CSR Minute

A Prescription for a Sick Healthcare System - The Minute

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Ever wonder why everyone agrees that the current US healthcare system is seriously sick, but that nobody seems to agree on the remedy? A commentary by the editorial director of Modern Healthcare, Merrill Goozner, lays out a diagnosis and the prescription for a cure in direct terms.

Renewable Energy Use and Investment Continues to Rise - The Minute

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There’s more evidence that the trend lines for renewable energy will continue to rise, despite the Trump administration’s focus on coal and other carbon fuels. The numbers tell the story. Five states now get at least 20 percent of their electricity from wind. All five are traditionally Republican: Kansas, Iowa, Oklahoma, North Dakota, and South Dakota.

US Restaurants Ranked for Sustainability in New National Survey - The Minute

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Starting this summer, restaurant-goers will be able to view the sustainability rankings of their choices through a new list organized by The Good Food 100 Restaurants project. A who’s who of noted restaurant chefs have bought into the new rating system, which measures their practices throughout the supply chain. Scores are based on self-reported annual food purchasing data from a survey completed by participating chefs and restaurants.

Energy Companies Aim for Profits Despite Rollback of Clean Power Plan - The Minute

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Clean energy companies are counting on profits, despite the Trump Administration’s recent executive order to cancel the EPA’s Clean Power Plan. The principal reason is economics. Prices in the wind and solar industries have fallen so much that renewables now compete with fossil fuels.

Business Schools Innovate in Sustainability Education - The Minute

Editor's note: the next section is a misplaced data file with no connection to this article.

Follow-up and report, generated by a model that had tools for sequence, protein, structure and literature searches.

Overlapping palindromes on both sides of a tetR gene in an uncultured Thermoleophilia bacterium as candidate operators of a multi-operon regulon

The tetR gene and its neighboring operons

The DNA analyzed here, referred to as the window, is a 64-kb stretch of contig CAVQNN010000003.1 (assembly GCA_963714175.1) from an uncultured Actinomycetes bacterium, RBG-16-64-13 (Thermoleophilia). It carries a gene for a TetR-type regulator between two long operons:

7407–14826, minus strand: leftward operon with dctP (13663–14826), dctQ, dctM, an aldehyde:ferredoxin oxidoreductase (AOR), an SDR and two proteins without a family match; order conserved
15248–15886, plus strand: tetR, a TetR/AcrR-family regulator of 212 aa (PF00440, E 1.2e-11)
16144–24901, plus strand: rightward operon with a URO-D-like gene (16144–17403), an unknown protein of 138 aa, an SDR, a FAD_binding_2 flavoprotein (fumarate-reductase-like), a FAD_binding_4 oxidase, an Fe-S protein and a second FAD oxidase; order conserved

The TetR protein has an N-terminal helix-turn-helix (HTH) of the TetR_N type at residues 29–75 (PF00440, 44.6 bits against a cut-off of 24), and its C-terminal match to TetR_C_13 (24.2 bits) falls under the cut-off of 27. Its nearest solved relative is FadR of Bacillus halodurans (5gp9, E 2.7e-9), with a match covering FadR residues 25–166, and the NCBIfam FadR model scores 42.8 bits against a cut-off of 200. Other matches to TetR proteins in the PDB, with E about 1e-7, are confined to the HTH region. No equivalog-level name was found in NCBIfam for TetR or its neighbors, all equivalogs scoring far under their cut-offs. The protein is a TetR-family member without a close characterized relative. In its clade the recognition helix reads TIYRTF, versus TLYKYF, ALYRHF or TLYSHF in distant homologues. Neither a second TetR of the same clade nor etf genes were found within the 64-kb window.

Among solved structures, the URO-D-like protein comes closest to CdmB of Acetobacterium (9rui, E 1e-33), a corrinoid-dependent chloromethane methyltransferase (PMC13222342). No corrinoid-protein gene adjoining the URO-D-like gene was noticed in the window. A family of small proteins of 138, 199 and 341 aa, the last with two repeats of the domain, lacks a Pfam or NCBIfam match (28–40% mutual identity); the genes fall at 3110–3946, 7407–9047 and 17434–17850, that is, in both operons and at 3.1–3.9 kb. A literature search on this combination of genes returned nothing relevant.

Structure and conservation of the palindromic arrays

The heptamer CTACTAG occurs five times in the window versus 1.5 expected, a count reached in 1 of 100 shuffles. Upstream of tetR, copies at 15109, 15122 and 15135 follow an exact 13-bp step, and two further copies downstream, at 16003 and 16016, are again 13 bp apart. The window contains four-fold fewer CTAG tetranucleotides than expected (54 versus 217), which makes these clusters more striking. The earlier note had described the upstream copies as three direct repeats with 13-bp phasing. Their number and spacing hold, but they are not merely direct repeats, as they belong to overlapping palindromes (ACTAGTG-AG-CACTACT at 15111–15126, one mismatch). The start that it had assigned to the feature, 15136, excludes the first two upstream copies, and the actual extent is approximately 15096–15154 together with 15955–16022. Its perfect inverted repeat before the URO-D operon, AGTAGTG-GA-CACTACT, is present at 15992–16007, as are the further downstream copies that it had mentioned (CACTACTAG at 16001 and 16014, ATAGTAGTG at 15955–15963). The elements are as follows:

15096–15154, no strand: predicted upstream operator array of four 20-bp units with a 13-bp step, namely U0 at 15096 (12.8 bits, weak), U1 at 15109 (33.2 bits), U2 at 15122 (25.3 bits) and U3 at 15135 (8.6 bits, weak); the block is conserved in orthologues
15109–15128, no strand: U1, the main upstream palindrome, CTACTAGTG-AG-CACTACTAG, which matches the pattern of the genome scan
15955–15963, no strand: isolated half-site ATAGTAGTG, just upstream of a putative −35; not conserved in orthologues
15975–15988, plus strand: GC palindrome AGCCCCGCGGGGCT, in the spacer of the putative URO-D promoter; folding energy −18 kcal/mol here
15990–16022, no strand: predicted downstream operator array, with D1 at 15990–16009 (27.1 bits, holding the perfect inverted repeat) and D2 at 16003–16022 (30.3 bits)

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As sustainability in its various forms becomes more integrated into business practices and strategies, business schools are adapting their programs to better prepare the sustainability professionals of the future. McGill University in Montreal is a good example.

Citigroup Uses Ethicist to Guide Corporate Decision Making - The Minute

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Following the financial meltdown of 2008, many steps have been taken to prevent a similar crisis, among them the Dodd-Frank bill and a red alert attitude at the Federal Reserve. Big bank Citigroup has come up with its own, innovative solution: a company ethicist. The position is filled by Dr. David Miller, a former banker turned theology student who is now a Princeton professor.

Business Adopts “The Many are Mighty” Model for Innovation - The Minute

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The big idea of James Surowiecki’s manifesto, The Wisdom of Crowds, is working its way into business strategy. That book explains how a diverse collection of independent individuals is more likely to make certain types of decisions—and predictions—better than individuals or experts. Its thesis has helped fuel an explosive growth in business partnerships and collaborations, in open competitions and crowdsourcing efforts.

Gender Budgeting: A New Approach to Financial Equality - The Minute

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There’s a new term for a radical but common sense approach to economic policy: gender budgeting. It’s a technique in which governments analyze fiscal policy by noting different effects on men and women, according to a recent article in The Economist.

Healthcare Organizations Address C-Suite Gender Gap - The Minute

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While the Affordable Care Act hogs the healthcare news headlines, another issue is quietly getting some attention: the industry’s C-suite gender gap. Although women hold seventy-five percent of all healthcare jobs, they are just twenty-six percent of hospital CEO positions. At Fortune 500 companies in healthcare, the numbers are equally low: women make up just twenty-one percent of executive roles and twenty-one percent of board members.

Big Food Companies Invest in Small Startups to Meet Consumer Demand - The Minute

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The change in consumer tastes toward food that is fresher, more natural, and healthier is causing big food companies to place bets on small food companies to help change their traditional product lines. Kellogg’s and General Mills are among the companies that have launched venture capital funds to invest in startups that are contributing new products, recipe ideas, and marketing innovations to their ranges. Campbell Soup and Tyson Foods have dedicated $125 million and $150 million, respectively, to their in-house venture funds, according to the Wall Street Journal.

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